The view from the American Midwest begs comparisons between the manufactured ruins of Spain (and China and Africa …) and the historical ruins of Detroit (and St. Louis and Pittsburgh …). Marcinkoski touches on this briefly out of what feels somewhat like obligation by first exploring their spatial similarities—overscaled infrastructure, emptiness, monofunctionality, residual spaces—and then reminding us, via the still haunting Stalking Detroit (2001), how designers outside of the Midwest first came to be enamored with the urbanization model and surreal spatial results of post-Fordist landscapes (86). Though both are burdened with a weighty physical emptiness, they differ in terms of their durations and history. The ghost cities of speculation sprouted like weeds seemingly overnight while the vacant cities of disinvestment grew into urban maturity over generations and slowly degraded through the repercussions of industrial demise (86). The first have yet to be occupied (and act purely as “transactional product[s]” ), while the latter have rich cultural and social histories, disrupted as a consequence of changes in industry and the compounding factors that resulted (220).
It is this social history—and common urban inhabitants in general for that matter—that seems underrepresented in Marcinkoski’s otherwise extremely thorough story. As a recent transplant to the city of St. Louis—a city that has actually lost a larger percentage of its urban population than Detroit—perhaps I am overly sensitized to the troubled relationship between people and vacancy. Though de-urbanization was undoubtedly a consequence of both industrial decline and the growth of highway-enabled sprawl through urban renewal, it was not a process of equitable dis- and then reinvestment. The flight of urban whiteness and wealth was also integrally tied to discriminatory attitudes, policies, and practices (both covert and overt) and the social injustices of segregated access. Though Marcinkoski references Henri Lefebvre and David Harvey’s differing positions on the order in which urbanization and capital accumulation occur (218), their work on social justice and spatial production feels missing.2Urbanization—speculative and otherwise—has never equally provided the right to the city for all its inhabitants. How these questions of social and spatial justice apply in places of such extreme excess capacity under radically different governmental systems may be more of an added layer than The City That Never Was should be asked to handle, but a critical and intriguing set of questions nonetheless.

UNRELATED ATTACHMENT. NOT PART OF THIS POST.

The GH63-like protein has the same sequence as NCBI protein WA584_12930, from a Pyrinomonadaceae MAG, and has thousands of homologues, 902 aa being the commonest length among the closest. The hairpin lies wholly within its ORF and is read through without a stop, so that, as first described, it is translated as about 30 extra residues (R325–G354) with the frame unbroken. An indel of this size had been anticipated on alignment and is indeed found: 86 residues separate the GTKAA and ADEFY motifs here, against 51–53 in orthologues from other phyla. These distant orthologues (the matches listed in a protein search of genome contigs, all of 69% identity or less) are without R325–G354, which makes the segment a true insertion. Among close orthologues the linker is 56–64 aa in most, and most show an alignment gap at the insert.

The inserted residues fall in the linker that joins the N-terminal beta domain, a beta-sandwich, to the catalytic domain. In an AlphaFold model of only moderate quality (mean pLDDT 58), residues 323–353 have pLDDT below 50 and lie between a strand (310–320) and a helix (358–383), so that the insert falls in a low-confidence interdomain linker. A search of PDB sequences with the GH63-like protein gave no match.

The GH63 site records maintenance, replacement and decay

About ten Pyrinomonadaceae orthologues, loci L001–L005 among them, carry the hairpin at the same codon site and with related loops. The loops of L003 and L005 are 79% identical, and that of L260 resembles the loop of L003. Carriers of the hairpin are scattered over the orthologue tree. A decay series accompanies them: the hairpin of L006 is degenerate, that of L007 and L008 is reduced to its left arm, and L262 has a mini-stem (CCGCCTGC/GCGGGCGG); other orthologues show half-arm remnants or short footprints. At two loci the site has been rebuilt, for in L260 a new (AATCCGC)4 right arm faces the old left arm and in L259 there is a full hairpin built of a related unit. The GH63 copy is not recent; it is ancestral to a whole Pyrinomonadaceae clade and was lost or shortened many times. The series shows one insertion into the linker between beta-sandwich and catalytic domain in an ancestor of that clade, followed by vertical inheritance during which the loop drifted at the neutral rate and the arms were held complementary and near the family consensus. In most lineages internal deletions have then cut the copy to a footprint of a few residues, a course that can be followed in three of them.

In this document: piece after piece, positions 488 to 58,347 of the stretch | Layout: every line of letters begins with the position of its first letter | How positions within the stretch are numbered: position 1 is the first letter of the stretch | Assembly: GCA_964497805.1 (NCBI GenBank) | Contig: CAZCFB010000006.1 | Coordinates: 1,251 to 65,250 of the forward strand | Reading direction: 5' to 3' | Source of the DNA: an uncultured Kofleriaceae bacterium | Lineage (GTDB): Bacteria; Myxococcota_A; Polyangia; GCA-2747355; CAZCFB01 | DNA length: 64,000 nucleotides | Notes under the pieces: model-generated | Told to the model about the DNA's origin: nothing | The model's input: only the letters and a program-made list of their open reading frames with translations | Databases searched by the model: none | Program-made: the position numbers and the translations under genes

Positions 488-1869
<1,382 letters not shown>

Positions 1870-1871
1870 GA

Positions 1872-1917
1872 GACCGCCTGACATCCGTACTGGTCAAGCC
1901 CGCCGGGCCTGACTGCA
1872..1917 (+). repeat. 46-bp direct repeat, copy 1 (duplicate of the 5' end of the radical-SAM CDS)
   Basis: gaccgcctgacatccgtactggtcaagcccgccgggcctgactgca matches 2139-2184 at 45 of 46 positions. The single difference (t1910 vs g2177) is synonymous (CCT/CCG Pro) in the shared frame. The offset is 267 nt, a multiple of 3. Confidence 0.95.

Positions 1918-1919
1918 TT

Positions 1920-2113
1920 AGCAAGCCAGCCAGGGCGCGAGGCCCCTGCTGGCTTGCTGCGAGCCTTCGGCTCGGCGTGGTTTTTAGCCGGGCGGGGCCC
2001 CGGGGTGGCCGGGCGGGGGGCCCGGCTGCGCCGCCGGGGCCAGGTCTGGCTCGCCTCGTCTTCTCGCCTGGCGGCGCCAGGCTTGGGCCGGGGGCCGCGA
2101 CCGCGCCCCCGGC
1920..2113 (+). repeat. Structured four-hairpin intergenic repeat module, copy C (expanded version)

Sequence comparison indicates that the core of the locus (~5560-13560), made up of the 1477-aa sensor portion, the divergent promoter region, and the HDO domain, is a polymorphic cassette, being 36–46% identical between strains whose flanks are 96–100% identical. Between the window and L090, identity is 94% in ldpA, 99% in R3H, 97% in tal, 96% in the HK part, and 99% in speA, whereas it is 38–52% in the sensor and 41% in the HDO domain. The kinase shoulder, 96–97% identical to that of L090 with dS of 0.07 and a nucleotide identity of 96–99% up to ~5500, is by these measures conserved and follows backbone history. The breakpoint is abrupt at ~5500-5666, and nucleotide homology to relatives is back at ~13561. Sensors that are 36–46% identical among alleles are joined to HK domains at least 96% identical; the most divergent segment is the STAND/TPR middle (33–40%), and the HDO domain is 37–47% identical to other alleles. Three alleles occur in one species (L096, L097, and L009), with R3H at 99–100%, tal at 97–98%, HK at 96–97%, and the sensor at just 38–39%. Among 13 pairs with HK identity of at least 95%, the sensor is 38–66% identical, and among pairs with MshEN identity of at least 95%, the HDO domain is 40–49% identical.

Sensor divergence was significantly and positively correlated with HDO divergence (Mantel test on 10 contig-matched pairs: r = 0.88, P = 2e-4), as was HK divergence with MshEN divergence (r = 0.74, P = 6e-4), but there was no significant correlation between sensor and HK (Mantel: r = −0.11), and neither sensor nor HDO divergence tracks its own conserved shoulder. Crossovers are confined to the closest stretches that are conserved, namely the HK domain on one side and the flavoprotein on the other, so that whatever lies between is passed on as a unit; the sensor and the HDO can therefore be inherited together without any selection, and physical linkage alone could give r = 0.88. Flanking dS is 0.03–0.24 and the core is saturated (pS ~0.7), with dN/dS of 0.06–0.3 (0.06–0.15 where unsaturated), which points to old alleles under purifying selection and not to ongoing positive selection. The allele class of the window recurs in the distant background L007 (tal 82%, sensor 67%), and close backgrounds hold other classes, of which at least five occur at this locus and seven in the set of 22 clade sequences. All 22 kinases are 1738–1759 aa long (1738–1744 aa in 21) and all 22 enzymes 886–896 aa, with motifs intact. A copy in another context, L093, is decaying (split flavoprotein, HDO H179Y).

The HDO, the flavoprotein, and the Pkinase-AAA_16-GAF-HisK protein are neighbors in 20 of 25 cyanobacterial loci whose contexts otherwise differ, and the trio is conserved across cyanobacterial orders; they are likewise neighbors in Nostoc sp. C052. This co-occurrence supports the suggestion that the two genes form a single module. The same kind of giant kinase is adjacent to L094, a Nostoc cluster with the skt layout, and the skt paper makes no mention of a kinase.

Ultimately we are left to consider what this intensification of the phenomenon of speculative urbanism means for those disciplines directly engaged in the physical design and planning of these activities. Are architects, landscape architects, urban designers and city planners excused from responsibility for the consequences of these projects, since the ventures originate from political and economic motivations too often considered outside their concern? Or does the proliferation and escalation of this phenomenon provide a unique moment to reconsider the disciplinary conventions and cultural agency of contemporary urban design? (53)